Note one area of potential confusion - there are different measurements expressed here in millimetres, but which refer to two different physical properties. In the case of 35mm film cameras, were talking about the width of the film material. But in the case of, say, an 80mm lens, were talking about its focal length. You can thus put a 28mm lens on a 35mm camera - the measurements are about different things. These are just broad categories, of course, and there are big variations in each one. You can get an inexpensive 28mm lens, for example, which is only modestly wide. Or you can get a crazy expensive 14mm lens which can take in a huge area of a scene perfect for shots of ultra-dramatic skies. Similarly you could put an 85mm lens on your camera for portrait photography, or you could sell your car and buy a huge 600mm lens that requires a large suitcase for transportation but which lets you take a closeup of a birds face from a huge distance away. Whats the difference between a zoom lens and a fixed focal length (prime) lens? A prime lens is a lens in which the field of view (focal length) cannot be adjusted. The only way to take in more or less of the scene is to walk closer to or further from the subject. (sometimes jokingly called zoom with your feet, though this is technically inaccurate since changing camera position is not the same thing as adjusting the focal length) Or you have to carry a selection of lenses of different focal lengths with you and swap them out as required. A zoom lens is a lens in which the field of view can be adjusted. If you cant fit in all your friends in the picture, for example, you could just rotate the zoom ring on the lens until theyre all in there. Or if that bird is too far away you could rotate it the other way to zoom in closer. Up until the late 1980s prime lenses were the most common lens sold, because from an optical design standpoint its much easier to design a high quality prime lens that can take nice sharp photographs than a decent quality zoom lens. But a prime is also obviously a lot less convenient, since you have to move around more to fit stuff in. So by the late 80s zoom lenses became more and more popular. Today hardly any low-cost lenses are prime lenses, because everybody wants zooms. So why buy a prime lens at all? Well, for the same reason as ever - prime lenses are easier to build and offer fewer compromises in design. If you want a really sharp crisp lens, then a good prime will offer sharper pictures than most zooms. Or if you want a lens that can let in lots of light and thus can be used for low-light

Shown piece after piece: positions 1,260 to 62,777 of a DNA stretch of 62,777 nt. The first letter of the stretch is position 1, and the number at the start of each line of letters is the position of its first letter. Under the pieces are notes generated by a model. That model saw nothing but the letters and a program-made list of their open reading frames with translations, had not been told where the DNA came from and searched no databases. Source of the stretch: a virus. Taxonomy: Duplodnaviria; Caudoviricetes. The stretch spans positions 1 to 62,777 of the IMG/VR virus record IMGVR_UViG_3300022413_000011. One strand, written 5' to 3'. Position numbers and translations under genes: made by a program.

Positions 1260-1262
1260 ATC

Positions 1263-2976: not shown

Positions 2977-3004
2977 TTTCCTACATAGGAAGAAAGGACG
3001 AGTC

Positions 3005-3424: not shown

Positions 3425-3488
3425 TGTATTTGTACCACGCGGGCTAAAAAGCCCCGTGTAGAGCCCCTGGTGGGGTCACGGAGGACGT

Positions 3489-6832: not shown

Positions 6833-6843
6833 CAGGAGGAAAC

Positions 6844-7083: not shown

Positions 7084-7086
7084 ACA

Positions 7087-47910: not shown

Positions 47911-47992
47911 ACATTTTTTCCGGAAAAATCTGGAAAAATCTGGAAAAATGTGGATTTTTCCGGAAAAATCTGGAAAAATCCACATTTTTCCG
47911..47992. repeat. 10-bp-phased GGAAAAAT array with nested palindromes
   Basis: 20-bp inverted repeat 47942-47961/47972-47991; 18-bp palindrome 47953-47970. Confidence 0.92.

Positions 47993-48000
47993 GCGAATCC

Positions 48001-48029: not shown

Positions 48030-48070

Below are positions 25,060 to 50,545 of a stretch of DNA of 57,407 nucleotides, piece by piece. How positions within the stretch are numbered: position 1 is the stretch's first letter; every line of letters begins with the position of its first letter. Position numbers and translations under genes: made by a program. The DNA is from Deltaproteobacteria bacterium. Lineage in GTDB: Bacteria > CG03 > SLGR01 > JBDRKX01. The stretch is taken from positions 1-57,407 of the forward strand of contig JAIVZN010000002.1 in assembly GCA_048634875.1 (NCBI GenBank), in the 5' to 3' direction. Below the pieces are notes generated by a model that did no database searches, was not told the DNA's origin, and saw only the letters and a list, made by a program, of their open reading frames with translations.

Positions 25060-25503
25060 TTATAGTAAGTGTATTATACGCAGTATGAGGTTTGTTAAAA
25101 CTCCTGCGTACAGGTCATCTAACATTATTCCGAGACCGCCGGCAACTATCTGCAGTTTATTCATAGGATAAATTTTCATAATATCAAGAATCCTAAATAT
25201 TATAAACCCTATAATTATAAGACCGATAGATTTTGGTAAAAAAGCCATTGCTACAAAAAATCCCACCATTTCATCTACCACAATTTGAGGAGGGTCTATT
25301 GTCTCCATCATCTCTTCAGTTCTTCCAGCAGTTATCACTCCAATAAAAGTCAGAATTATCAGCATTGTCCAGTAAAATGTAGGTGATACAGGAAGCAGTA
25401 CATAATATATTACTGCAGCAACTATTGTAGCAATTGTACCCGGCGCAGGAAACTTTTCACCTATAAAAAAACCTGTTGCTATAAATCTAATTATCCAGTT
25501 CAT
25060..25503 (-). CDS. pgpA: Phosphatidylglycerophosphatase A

photography then youll probably want a prime, since its much harder to build a fast (lets in lots of light) zoom lens. And some crusty old photographers also argue that using prime lenses is very important for novice photographers since it forces them to learn about the importance of focal lengths and perspective. Lens construction is thus always about tradeoffs. You may want a lens thats small, lightweight, has zoom capabilities, lets in lots of light, is really sharp, has high contrast, doesnt distort the image and is cheap. But in real life you can only get some of those properties - its impossible to get all of them, sadly. Most amateurs on a budget choose the flexibility of low-cost zoom lenses over picture quality as their compromise. Many advanced amateurs choose the higher picture quality of affordable primes and deal with the inconvenience as theirs. And many professionals buy high quality zooms that weigh a ton and cost piles of money as theirs. Note one common misconception - a lot of people think zoom lenses are used for taking photos of things far away. Thats actually a better description of a telephoto lens, as described above. Which lens should I buy for my camera? As with buying a camera there are a lot of things to consider, so this question really cant be asked without asking many more questions first. Here are some of them: What exactly are you going to be photographing? Your photographic goals and objectives essentially inform all of the other decisions. Will you being shooting landscapes? Portraits? Your kids or pets? Flowers? Wild birds? Sports? Architecture? Will you be doing travel photography? Will you be hiking with your gear? These sorts of questions are critical to ask yourself first. How much money do you want to spend? You can spend huge amounts of money on lenses, so determining your budget, as with cameras, is pretty important. Do you want to buy a used or a new lens? The same questions apply as when purchasing a new or used camera. Do you want a prime (fixed focal length) or a zoom (variable focal length) lens? Prime lenses generally afford higher optical quality than zooms, except in the case of really expensive pro zoom lenses. However prime lenses mean you have to walk around more - you cant simply adjust the zoom setting to get the framing you need. What focal length or focal length range do you want to cover? Id sit down with your photos and think about what focal lengths you tend to use most and where there are gaps. Maybe you want an extreme wide angle, for example. If so theres no point getting another telephoto. Do you need a fast lens? Do you want to do low-light photography without a tripod or flash? Do you want to